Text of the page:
As it can be seen from table, GIAT 30 is by far the best cannon when it comes to firepower, and combination of good muzzle velocity and projectile crossectional density results in good effective range. BK-27 has very good effective range thanks to high muzzle velocity and excellent projectile crossectional density, but limited (albeit still good) firepower. Russian guns also have good firepower and excellent projectile crossectional density but are let down by low muzzle velocity, suggesting an orientation towards the ground attack. US M61A2 has good muzzle velocity, but low crossectional density limits effective range, while low HE-I content and rotary design limit effective firepower. GAU-22/A has better HE-I content but less throw weight; still, good muzzle velocity and projectile crossectional density result in good effective range, though it may be limited by dispersion due to rotary design.

Since most important factors in gaining kills are mass of the projectile, HE-I portion, muzzle velocity and rate of fire, GIAT 30 is overall the most effective cannon when it comes to ACM (dogfight) employment. However, Rafale has a relatively limited number of gun bursts avaliable (adequate for a single kill). On face of it, best balance between number of gun bursts and their effectiveness seems to be achieved by Gripen and Typhoon. This may not be as great shortcoming on Rafale’s part, however, since GIAT 30 offers an option to reduce rate of fire to 1.500 rpm; this leads to 11 projectiles fired in first 0,5 s, weighting 3,03 kg with 0,529 kg of HE-I, allowing for a total of 11,4 bursts while achieving similar effectiveness to the BK-27 (and better than any other gun compared). Overall, European approach seems to be the most effective, with US sacrificing firepower, accuracy and response time in exchange for lower barrel wear and greater ammunition capacity, while Russians sacrificed muzzle velocity and HE-I content for greater round weight. This suggests that while European focus is on dogfight performance, US focus is on shooting down bombers while Russian focus is on ground attack performance.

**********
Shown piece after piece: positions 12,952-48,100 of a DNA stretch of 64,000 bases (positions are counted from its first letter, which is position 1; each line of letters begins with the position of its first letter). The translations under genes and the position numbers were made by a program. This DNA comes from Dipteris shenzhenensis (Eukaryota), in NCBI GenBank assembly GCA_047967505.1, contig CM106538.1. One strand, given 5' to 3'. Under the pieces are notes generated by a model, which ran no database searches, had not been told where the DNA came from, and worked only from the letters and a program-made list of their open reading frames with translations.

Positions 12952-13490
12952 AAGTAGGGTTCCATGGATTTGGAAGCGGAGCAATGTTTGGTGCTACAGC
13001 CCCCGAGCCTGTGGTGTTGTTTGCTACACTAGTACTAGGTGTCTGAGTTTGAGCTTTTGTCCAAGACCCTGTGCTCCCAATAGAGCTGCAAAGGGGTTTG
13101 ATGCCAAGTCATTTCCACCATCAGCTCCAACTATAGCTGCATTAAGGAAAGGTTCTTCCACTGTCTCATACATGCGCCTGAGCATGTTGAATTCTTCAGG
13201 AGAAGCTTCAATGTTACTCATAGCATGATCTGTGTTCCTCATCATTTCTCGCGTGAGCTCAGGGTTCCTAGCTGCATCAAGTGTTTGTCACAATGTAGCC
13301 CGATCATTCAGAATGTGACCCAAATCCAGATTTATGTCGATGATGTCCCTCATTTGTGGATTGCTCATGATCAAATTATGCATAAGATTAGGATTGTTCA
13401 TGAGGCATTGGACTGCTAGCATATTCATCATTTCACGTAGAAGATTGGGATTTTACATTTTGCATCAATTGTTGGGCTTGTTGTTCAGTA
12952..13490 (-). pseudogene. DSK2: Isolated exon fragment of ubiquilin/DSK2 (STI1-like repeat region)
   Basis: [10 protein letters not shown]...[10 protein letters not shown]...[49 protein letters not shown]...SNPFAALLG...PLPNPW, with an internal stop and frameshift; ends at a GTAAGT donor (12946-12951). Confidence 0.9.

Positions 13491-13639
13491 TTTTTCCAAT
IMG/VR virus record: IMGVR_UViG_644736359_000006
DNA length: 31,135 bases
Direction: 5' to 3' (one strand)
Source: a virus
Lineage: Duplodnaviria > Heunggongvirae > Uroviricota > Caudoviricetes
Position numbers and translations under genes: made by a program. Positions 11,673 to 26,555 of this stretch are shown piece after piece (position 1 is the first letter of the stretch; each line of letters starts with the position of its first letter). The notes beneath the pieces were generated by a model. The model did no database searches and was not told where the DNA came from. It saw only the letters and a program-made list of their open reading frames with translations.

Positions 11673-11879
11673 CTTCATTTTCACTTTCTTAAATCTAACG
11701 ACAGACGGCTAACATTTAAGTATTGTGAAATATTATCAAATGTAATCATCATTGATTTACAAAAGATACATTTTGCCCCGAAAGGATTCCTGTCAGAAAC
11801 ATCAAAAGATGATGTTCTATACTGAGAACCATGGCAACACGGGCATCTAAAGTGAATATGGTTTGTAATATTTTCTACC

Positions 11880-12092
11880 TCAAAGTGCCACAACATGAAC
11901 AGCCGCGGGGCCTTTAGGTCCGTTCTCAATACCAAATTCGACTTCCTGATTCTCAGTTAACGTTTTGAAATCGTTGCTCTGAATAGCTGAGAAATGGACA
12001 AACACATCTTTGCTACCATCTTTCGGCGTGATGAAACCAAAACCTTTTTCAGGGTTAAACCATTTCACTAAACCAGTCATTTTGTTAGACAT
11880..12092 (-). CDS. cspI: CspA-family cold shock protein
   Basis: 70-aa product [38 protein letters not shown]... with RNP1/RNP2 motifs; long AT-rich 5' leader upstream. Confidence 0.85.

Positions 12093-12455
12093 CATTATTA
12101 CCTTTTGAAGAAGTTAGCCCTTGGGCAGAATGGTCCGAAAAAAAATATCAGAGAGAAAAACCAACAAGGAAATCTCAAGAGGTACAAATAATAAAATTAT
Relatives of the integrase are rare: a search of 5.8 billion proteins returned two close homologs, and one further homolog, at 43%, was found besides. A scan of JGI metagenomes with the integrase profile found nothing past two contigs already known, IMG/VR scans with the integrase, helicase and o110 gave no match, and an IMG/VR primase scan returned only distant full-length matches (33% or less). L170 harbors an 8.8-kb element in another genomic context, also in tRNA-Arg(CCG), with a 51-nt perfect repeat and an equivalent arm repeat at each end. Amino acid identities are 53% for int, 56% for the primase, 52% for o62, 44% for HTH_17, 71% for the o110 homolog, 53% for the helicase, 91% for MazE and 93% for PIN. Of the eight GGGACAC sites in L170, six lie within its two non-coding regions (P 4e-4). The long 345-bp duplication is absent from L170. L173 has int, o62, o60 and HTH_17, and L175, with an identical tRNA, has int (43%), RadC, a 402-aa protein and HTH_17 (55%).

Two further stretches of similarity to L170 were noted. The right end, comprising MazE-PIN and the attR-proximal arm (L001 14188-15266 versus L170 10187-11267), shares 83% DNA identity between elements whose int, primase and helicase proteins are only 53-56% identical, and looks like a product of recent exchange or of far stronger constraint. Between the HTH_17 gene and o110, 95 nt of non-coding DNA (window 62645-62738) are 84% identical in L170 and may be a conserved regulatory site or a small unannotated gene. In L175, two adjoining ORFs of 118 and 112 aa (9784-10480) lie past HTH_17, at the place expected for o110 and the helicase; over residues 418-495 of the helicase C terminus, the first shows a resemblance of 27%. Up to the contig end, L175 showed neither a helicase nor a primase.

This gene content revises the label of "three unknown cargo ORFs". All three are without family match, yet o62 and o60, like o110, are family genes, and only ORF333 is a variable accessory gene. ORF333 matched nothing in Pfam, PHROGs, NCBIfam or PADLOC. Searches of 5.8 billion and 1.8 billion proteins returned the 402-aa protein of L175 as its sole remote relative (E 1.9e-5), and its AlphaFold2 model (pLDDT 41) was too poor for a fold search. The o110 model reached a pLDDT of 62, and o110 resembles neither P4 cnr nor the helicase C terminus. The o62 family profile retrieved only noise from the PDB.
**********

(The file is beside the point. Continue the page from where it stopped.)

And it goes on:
Fighter aircraft gun comparision « Defense Issues


Jun 25, 2013
Russian Guns are best in fire power. they use heavy bullet with a very high Muzzle velocity. The one on Mig 27 is deadly. It is proposed to be used on Tejas also.


Jan 11, 2009
Tony WIlliams has a nice (2009) article on modern fighter gun effectiveness
Modern Fighter Gun Effectiveness

12.7x99 (.50 M3),
20x102 (M39/M61),
20x110 USN (Mk 11/Mk 12),
23x115 (NS-23, NR-23, AM-23, GSh-23, GSh-6-23),
25x137 (GAU-12/U),
27x145B (Mauser BK 27),
30x113B (Aden/DEFA 550),
30x150B (GIAT 30M791),
30x155B (NR-30),
30x165 (GSh-301, GSh-30, GSh-6-30),
30x173(1) (Oerlikon KCA),
37x155 (N-37, NN-37)